Due to their light output and long life, high-brightness LEDs are well-suited for use in flashlights. Typically, the LEDs are driven with a constant current. So when the battery voltage drops, the flashlight just stops working. In some situations, this could be dangerous. It would be nice to have a flashlight that would automatically dim when the battery voltage drops. Just like a traditional flashlight, it would indicate a low-battery condition and would last longer.
Typically, the forward voltage of a white LED is 3 to 5 V. Therefore, if the input voltage drops below 3 V, a boost converter can drive the LED. Figure 1 shows such a boost converter with automatic dimming based on battery voltage.
|Figure 1.||Using a high-efficiency step-up controller (U1), designers can create an auto-dimming
function for a flashlight that employs high-brightness LEDs.
The L6920D is a high efficiency step-up controller requiring very few external components to convert the battery voltage to the selected output voltage or current. The device will start up at 1 V and operate down to 0.6 V. Its quiescent current is only 10 µA. The device also includes an internal synchronous rectifier implemented with a 120-mW P-channel MOSFET, which replaces the conventional boost diode, to improve the efficiency.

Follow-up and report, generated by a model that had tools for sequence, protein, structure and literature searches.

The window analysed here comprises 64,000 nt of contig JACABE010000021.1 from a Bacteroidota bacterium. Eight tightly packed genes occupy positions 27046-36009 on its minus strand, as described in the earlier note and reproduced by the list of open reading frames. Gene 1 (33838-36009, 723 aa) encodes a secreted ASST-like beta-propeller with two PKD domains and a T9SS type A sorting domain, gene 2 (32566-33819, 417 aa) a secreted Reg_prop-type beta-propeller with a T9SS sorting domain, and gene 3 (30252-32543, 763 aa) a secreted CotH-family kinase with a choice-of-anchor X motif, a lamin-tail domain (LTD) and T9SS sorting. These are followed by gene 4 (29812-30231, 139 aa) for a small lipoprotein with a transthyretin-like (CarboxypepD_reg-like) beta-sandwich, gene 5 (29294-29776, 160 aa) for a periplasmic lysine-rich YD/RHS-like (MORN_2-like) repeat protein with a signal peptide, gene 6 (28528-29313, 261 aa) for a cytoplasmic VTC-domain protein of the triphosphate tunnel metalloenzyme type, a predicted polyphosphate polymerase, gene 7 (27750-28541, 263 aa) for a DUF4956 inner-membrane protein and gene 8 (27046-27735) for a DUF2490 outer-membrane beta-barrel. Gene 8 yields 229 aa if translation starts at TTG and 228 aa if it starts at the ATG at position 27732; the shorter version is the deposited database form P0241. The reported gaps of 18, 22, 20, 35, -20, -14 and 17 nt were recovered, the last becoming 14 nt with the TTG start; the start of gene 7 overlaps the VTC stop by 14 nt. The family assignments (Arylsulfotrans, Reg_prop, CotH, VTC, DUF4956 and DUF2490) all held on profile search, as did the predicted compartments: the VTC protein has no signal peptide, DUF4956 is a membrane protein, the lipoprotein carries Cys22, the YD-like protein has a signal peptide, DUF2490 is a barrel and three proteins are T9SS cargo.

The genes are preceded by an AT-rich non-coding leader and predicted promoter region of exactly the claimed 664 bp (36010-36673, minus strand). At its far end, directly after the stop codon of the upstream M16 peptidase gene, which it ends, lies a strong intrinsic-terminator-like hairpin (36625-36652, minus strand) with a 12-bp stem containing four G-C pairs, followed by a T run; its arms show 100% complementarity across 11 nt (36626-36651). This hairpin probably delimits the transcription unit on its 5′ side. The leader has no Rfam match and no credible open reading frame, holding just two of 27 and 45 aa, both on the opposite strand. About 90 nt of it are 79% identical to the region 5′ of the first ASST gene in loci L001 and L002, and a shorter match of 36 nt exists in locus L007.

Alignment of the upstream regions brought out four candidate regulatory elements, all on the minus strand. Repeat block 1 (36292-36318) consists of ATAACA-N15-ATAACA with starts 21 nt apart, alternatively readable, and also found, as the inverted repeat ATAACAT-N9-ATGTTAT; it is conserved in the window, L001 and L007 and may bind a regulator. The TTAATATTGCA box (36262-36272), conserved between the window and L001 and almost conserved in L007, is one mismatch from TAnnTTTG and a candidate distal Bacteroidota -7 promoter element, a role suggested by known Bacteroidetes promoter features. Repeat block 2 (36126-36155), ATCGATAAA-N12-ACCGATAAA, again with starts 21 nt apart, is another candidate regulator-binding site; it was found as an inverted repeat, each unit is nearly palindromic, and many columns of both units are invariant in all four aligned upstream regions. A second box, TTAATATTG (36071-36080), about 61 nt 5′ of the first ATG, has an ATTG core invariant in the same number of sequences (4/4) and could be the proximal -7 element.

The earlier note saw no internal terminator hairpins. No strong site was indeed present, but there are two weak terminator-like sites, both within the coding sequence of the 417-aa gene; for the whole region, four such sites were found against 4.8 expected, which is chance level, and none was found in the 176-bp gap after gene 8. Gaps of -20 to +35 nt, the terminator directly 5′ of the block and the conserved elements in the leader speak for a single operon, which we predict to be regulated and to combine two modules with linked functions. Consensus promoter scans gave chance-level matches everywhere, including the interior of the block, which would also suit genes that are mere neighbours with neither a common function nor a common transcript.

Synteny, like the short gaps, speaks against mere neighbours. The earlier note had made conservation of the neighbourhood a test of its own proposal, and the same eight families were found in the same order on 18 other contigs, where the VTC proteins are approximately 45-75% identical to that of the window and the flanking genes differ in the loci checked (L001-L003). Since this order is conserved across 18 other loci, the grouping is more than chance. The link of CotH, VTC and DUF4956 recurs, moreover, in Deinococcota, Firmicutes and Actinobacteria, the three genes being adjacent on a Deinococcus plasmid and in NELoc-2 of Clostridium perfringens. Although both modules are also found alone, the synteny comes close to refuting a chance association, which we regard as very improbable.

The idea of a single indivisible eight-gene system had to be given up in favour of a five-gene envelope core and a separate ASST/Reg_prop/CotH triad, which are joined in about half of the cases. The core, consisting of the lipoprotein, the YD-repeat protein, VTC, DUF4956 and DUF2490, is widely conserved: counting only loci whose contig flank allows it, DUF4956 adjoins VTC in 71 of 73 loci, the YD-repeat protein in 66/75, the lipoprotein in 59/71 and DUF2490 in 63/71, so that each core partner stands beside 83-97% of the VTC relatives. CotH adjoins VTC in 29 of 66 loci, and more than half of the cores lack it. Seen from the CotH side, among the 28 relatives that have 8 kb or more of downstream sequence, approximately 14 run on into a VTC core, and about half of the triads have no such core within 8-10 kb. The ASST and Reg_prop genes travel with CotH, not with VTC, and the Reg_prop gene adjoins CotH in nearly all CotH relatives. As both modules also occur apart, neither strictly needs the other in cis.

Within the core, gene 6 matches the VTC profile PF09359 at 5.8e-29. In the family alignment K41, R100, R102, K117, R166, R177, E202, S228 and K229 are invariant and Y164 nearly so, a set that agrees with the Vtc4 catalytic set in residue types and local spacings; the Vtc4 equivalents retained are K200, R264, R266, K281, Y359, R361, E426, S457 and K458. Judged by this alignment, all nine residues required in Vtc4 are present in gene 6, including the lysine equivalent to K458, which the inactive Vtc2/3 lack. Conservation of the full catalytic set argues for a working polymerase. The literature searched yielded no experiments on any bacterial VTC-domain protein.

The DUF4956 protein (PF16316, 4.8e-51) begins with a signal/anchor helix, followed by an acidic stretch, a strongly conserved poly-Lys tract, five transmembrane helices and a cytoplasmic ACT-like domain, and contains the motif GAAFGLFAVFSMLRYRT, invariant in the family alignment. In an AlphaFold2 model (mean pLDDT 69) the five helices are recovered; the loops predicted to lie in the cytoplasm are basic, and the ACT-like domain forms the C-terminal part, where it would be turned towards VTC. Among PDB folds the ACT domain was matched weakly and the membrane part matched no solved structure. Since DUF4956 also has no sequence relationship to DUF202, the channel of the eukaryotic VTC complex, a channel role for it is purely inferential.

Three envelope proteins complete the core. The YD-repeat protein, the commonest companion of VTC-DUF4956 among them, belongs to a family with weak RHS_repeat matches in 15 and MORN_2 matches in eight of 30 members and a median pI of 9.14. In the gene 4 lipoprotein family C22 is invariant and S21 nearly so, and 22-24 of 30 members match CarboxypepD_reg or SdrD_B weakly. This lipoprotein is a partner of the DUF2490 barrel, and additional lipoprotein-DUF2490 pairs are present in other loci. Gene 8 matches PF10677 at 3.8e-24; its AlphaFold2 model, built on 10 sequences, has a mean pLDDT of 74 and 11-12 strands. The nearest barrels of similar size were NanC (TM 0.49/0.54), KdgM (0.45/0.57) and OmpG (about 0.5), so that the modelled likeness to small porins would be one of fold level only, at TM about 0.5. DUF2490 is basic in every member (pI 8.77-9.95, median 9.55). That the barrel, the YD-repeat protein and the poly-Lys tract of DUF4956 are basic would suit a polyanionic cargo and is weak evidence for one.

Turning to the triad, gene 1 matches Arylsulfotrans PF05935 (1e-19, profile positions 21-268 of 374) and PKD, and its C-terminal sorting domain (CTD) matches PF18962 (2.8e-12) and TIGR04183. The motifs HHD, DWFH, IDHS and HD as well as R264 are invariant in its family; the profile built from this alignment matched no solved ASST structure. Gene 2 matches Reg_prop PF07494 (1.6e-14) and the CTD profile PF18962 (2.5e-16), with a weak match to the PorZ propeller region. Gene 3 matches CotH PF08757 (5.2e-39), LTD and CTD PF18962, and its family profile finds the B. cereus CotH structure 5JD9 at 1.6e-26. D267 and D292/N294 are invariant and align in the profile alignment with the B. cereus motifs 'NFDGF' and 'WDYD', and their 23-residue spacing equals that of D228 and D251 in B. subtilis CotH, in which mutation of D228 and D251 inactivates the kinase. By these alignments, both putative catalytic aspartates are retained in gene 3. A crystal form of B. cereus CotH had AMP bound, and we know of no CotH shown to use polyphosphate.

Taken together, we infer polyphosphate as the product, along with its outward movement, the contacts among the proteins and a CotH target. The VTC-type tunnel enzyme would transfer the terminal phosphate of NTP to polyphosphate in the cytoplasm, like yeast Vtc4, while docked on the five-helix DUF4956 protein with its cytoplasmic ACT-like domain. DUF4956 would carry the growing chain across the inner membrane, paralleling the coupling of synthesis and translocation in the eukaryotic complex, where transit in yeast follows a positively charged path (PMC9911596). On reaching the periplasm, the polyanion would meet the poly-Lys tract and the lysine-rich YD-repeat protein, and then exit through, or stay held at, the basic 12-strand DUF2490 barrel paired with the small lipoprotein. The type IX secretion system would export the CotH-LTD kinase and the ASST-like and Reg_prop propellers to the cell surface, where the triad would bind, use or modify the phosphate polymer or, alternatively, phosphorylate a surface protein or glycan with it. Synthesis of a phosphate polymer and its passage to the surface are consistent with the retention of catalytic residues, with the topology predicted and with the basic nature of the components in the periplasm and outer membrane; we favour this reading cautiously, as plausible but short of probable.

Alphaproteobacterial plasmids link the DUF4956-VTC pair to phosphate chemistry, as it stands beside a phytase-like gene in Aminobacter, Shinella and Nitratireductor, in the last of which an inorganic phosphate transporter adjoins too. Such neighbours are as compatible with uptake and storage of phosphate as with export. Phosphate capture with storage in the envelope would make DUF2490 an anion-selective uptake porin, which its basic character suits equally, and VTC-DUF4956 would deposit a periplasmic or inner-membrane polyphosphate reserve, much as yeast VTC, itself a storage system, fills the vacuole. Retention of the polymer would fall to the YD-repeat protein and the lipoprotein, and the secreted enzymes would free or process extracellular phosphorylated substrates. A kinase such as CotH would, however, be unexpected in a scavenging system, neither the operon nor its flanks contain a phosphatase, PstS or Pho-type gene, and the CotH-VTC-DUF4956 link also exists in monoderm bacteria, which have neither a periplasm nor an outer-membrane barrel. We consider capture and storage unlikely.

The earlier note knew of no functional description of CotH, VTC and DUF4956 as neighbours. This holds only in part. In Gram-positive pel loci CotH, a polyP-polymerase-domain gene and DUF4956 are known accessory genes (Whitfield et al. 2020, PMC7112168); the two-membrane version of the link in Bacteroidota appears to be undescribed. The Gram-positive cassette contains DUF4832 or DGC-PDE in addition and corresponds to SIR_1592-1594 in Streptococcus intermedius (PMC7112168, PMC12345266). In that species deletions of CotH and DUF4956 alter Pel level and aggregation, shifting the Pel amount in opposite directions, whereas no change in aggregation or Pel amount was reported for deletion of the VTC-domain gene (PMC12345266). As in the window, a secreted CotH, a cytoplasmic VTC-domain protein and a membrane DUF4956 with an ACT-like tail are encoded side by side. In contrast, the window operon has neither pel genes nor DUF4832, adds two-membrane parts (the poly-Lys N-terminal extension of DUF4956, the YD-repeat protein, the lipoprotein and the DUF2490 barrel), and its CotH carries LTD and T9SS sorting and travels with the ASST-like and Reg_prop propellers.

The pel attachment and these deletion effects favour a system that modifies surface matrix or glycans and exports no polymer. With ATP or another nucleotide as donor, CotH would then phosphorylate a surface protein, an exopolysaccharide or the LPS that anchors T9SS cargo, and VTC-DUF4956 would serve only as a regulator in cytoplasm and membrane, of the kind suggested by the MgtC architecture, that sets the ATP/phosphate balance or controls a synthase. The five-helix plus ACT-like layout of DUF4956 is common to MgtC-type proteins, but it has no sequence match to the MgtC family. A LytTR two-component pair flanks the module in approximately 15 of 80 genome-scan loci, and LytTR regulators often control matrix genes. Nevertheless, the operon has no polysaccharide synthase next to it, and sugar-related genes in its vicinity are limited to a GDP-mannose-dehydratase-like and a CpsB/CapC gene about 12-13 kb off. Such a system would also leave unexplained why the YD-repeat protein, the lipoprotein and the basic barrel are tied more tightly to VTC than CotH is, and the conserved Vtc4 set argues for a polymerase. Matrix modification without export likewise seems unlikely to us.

In this circuit, the LED current (ILED) is a function of the battery voltage (VFB). When the battery voltage drops, the LED current drops. In this way, the battery can last longer, and the flashlight will offer dimming characteristics. Assuming VFB = 1.23 V, determined by the L6920D:
If R5 >> R4, then R5||R4 ≈ R4, then:
Figure 2 shows the resulting LED current calculated using the resistance values in the example circuit.
|Figure 2.||For the resistance values in Figure 1, the equation for ILED
produced this graph showing how the current drops as the
battery voltage decreases.
We compared a constant LED flashlight and this auto-dimming version, using two AAA batteries. Running times were 50 and 90 minutes, respectively. The auto-dimming function nearly doubled the battery life and provided a warning when the battery voltage dropped.
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